Sales demonstrations are powerful tools to help convert prospects to customers, but they can easily go awry. From failing to customize a sales demonstration to address your prospect’s specific needs to allowing a demo to veer off-course, the wrong moves during a sales demo can turn an opportunity into a lost prospect.
Where Sales Demos Go Wrong
A solid sales demo is another step in a strategic sales process designed to move prospects through the buyer’s journey. Just as important as providing the best sales collateral to the right prospects, a sales demo should be highly customized and presented within the context of the prospect’s current problems. In other words, demonstrate how your solution will address the customer’s key challenges, rather than walk a prospect through every feature your product offers — relevant to that buyer or not.
So what makes for a good demo? The most effective sales demos make use of presentation tools and materials, allowing for an interactive experience that gets the prospect involved. Sales experts also suggest avoiding the tendency to immediately jump to a sales demo. According to Docurated’s The State of Sales Productivity Report, “Sales productivity is a top driver for hitting new revenue targets.” In other words, the less time your sales reps are spending on non-productive tasks, the better. And that means ensuring prospects are at the right stage in the buyer’s journey before investing time in a sales demonstration.
5 Secrets to Effective Sales Demonstrations
We rounded up a few tips, strategies, and best-kept secrets from leading sales consultants and professionals to help you make the most of your sales demonstrations. The following tips and suggestions will help you use sales demos to your strategic advantage, rather than a last-ditch effort to convert a prospect.
1) Make it all about them
“A product demonstration should never be a tour of a product’s features and functions. Instead, it should tell the customer’s story, with the product playing a key role.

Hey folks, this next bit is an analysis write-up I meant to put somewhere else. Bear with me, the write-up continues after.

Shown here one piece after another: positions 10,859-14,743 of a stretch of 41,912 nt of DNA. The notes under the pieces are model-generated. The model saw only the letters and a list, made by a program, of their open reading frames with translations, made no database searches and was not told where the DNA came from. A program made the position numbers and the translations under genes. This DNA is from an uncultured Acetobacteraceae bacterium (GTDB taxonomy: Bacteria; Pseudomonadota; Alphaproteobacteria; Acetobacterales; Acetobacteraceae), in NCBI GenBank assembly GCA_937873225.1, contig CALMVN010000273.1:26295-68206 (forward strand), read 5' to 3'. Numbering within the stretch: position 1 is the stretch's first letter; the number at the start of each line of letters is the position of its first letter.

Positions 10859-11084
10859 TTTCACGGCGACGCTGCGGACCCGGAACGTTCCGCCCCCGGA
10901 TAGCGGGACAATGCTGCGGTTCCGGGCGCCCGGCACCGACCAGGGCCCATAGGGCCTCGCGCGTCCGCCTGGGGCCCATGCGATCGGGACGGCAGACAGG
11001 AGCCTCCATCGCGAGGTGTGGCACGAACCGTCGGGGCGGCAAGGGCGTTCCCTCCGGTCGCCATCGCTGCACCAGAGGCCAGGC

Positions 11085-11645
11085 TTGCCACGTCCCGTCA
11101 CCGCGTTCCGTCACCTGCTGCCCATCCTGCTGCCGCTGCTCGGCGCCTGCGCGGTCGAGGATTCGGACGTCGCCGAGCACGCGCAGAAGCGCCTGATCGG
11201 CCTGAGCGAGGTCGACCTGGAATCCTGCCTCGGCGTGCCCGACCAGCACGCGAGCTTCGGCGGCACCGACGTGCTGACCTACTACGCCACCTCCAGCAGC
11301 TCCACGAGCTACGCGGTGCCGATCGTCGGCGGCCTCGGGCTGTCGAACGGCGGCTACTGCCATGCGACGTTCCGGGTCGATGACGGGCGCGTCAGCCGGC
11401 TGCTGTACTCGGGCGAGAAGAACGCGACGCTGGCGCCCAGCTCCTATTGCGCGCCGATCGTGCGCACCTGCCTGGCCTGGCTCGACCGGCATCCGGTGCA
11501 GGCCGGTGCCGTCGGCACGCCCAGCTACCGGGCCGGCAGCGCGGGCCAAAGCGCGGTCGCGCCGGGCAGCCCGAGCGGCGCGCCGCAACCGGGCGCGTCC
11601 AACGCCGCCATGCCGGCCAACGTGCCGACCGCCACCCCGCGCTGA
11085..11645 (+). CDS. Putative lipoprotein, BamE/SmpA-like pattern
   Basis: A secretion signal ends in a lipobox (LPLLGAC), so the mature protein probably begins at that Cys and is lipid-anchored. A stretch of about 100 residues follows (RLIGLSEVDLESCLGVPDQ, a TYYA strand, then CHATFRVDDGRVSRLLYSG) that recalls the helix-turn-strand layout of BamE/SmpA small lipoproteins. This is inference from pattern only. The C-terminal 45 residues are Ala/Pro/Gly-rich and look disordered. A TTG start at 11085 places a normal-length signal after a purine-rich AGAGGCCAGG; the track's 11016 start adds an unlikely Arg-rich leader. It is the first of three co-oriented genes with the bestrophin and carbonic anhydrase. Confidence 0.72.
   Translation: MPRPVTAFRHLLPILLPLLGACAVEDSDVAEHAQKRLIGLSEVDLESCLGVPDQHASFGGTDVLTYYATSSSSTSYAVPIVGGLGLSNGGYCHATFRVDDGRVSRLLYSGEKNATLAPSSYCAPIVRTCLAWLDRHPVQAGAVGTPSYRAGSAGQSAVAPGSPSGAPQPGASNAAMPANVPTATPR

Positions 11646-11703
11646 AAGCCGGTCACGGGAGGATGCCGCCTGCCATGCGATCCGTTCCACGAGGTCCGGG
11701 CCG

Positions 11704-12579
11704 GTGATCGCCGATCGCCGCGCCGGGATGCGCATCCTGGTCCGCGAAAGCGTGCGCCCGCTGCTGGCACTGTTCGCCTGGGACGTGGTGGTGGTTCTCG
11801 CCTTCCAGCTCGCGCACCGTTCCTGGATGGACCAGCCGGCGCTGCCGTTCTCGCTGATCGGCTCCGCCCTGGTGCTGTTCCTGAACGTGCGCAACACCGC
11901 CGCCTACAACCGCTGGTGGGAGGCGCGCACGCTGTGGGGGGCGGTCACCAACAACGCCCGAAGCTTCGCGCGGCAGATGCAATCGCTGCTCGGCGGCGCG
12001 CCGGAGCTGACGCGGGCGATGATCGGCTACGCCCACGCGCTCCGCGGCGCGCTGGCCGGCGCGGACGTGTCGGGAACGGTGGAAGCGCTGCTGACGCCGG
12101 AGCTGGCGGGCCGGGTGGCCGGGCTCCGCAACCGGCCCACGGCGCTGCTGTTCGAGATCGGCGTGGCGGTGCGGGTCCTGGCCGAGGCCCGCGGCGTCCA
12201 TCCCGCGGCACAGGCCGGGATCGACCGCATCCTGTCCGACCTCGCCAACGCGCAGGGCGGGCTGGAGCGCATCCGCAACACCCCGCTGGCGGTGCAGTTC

“Here are two typical approaches:
- Ineffective: ‘On our top menu, we can open inventory files, save inventory files, set inventory preferences, and convert inventory files from the manufacturing database. Next is the edit menu, where we can copy, cut, paste, and insert records into the inventory files. On the next menu … ’
- Effective: ‘Imagine that a call comes in from the factory floor. They’ve almost run out of parts and will shut down if they don’t get more soon. You query the system (like so … ), which locates any excess inventory at other plants and key suppliers.’”
– Geoffrey James, author and contributing editor at Inc.com, via Inc.com
2) Know your persona
“It is important to know which buyer persona you are talking to. For example, most decision makers don’t want demos — instead, they want their big picture questions answered. On a recent sales call with a decision maker, the salesperson said ‘Let’s jump into a demo.’ I watched the decision maker go right to his phone. Don’t get me wrong, there are decision makers who want demos, but the rules of buyer-centric selling still apply. You want to give a demo that is right for the decision maker. Developing a fundamental understanding of who the buyer is will allow salespeople to be as relevant as possible during the demo process.”
– Craig Rosenberg, founder and editor of The Funnelholic, co-founder at TOPO
3) Bring the dramatics
“Original, spontaneous thought attracts attention. Before your next presentation, prepare a couple illustrative stories or analogies that might be useful. When you use [them], be an actor. Act like it just occurred to you. ‘John, that reminds me of work we did with ABC Company. Your situation is different, of course, but they too were concerned about … ’”
– Steve Kraner, speaker, sales consultant and trainer, via EyesOnSales
4) Qualify ahead of time
“Dramatize the problem you are trying to solve for the client. Do not deliver a demo hoping your customer will eventually see something of interest. Be specific. Most people do not need to see the entire harbor. Instead, show them specific points of interest that solve their problems, then head back to shore. Use pre-qualifying questions before the demo to plot your course.”
– Marjorie Adams, founder and CEO of Fourlane, via BusinessCollective
5) Set your tone
“People present in different ways and that’s a good thing. Some like questions and interactivity and some don’t. Whatever your style is, set the tone early so that demo attendees know how to act and what to expect. I encourage questions, interruptions, and interactivity, so I put that fact out there very early on. Setting the tone will eliminate any guessing on the part of your attendees.”
– Clinton Patterson, platform manager at Arrow Consulting & Design, via DNN Software